"Sleepover" is a skillfully made teen comedy with such an endearing sensibility that it's fun even for those old enough to be the grandparents of its stars. Screenwriter Elisa Bell has created a sturdy, dynamically structured context in which lots of freewheeling fun unfolds, and director Joe Nussbaum maintains a high-spirited, exhilarating pace yet brings dimension to his middle school heroines. Alexa Vega, the vivacious brunet of the "Spy Kids" pictures, plays Julie, who has invited three friends to a sleepover on their last night of middle school. Promising to not leave the house, to have no boys over and to not break anything, she persuades her mother, Gabby (Jane Lynch), to go out for the evening. After all, her father (Jeff Garlin) will be home, and most likely her older brother Ren (Sam Huntington) will also be around.
At first, Julie and her pals Hannah (Mika Boorem), Farrah (Scout Taylor-Compton) and Yancy (Kallie Flynn Childress), as expected, play loud music, experiment with makeup and invade websites. But then Stacie (Sara Paxton), the blond glamour girl of Julie's class and a full-time meanie, challenges Alexa to a scavenger hunt. At stake is the right to sit by the fountain at lunch at the high school or to be relegated to a table by the dumpster. All Julie has to do is steal a magnetic insignia off the overzealous neighborhood security guard's car, switch clothing on show window dummies at a mall store, gain admission to the hottest disco in town, nab a pair of the high school dreamboat's boxer shorts and grab the crown of the king or queen of the high school prom.
This is a recipe for nonstop mayhem, and this movie has no lack of ingredients, including the key running gag of Alexa's father being conveniently distracted all evening by foolishly attempting to install a water purifier in the kitchen sink all by himself; similarly, Alexa repeatedly has to pay off her brother to cover for her.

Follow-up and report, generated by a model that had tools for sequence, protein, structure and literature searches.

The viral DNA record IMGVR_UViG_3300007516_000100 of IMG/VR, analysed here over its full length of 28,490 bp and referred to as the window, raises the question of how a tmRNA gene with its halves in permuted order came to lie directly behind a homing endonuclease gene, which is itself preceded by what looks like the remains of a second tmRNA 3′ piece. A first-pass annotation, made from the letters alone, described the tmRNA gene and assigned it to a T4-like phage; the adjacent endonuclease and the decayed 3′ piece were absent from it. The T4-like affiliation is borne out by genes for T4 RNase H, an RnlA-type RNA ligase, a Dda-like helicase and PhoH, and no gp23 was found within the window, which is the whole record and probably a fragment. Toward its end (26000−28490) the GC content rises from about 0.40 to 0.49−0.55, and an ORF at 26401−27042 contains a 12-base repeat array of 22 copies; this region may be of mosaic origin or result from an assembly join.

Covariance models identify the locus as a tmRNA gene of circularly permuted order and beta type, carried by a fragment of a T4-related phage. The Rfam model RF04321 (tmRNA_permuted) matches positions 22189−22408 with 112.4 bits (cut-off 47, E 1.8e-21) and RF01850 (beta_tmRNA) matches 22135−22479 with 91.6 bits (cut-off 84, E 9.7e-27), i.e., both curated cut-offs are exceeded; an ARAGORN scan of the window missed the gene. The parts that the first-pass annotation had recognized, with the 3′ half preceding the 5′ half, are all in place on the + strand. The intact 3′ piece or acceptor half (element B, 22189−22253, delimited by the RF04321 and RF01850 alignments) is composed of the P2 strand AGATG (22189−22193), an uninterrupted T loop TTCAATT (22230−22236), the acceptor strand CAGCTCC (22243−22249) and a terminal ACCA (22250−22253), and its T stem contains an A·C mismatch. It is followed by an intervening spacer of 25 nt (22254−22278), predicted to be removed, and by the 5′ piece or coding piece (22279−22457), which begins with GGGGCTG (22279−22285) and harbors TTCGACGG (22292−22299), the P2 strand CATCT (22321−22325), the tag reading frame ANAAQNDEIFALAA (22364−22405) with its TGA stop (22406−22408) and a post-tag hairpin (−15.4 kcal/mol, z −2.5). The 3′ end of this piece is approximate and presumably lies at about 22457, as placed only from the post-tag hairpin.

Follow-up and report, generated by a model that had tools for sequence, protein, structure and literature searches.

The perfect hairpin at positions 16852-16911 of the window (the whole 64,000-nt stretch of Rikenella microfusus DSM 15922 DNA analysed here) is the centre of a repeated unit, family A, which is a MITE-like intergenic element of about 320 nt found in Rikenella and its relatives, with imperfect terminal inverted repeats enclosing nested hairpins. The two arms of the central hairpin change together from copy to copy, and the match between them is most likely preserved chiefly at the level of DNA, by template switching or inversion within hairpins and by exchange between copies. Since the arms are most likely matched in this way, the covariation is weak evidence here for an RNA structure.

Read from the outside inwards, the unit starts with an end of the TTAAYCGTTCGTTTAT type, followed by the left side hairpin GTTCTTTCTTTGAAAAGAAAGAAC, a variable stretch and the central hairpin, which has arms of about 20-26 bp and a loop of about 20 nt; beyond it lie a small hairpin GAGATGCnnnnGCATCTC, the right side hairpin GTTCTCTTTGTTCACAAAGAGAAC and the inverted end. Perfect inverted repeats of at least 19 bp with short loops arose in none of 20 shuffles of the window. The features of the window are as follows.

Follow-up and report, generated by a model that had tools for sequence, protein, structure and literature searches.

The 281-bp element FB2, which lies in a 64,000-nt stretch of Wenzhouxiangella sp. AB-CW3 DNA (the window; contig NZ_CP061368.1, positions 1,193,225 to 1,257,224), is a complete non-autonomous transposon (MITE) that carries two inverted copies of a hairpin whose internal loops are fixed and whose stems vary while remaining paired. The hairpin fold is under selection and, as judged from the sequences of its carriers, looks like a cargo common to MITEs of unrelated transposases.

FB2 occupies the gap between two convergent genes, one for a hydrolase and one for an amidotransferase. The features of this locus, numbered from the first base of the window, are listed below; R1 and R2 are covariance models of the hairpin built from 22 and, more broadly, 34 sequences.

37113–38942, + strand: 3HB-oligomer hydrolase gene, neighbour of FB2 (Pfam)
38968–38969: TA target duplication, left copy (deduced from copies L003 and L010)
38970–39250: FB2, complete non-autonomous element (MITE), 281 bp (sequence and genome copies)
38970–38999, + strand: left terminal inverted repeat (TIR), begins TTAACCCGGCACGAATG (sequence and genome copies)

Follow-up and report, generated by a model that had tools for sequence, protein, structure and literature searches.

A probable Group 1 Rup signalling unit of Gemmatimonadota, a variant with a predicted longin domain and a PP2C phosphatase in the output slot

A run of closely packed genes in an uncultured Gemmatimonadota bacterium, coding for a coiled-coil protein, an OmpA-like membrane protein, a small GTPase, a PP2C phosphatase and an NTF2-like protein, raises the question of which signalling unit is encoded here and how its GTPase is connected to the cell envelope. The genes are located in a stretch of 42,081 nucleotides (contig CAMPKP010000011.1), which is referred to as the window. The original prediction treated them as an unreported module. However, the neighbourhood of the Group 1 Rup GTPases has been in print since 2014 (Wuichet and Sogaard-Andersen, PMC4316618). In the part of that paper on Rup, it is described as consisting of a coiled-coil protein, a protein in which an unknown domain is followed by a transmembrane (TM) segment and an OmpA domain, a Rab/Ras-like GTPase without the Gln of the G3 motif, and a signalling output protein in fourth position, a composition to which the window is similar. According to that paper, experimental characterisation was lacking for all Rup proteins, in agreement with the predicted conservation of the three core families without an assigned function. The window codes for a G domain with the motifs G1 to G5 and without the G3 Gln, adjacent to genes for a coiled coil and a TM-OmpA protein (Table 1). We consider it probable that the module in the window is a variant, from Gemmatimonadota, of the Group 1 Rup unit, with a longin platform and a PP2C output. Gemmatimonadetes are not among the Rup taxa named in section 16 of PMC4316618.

"Sleepover" plays out like clockwork -- cleverly and gratifyingly, with the symmetry and justice of a Restoration comedy. Yet "Sleepover" has one of those cinematic moments that takes it to an unexpected level, with a blithe image of Alexa, wearing her mother's spangled red gown, skateboarding on a dark street, the embodiment of youthful freedom and promise. What Alexa doesn't know is that none other than the aforementioned dreamboat, Steve (Sean Faris), has caught a glimpse of her, and he is as beguiled by this whimsical vision of loveliness as someone who's sitting in the audience watching "Sleepover."
MPAA rating: PG for thematic elements involving teen dating, some sexuality and language.
Times guidelines: Suitable for all ages
An MGM presentation of a Landscape Entertainment production in association with Weinstock Productions. Director Joe Nussbaum. Producers Charles Weinstock, Bob Cooper. Screenplay Elisa Bell. Cinematographer James L. Carter. Editor Craig P. Herring. Music Deborah Lurie. Costumes Pamela Withers Chilton. Production designer Stephen McCabe. Art director Drew Boughton. Set decorator Teresa Visinare. Running time: 1 hour, 30 minutes.
In general release.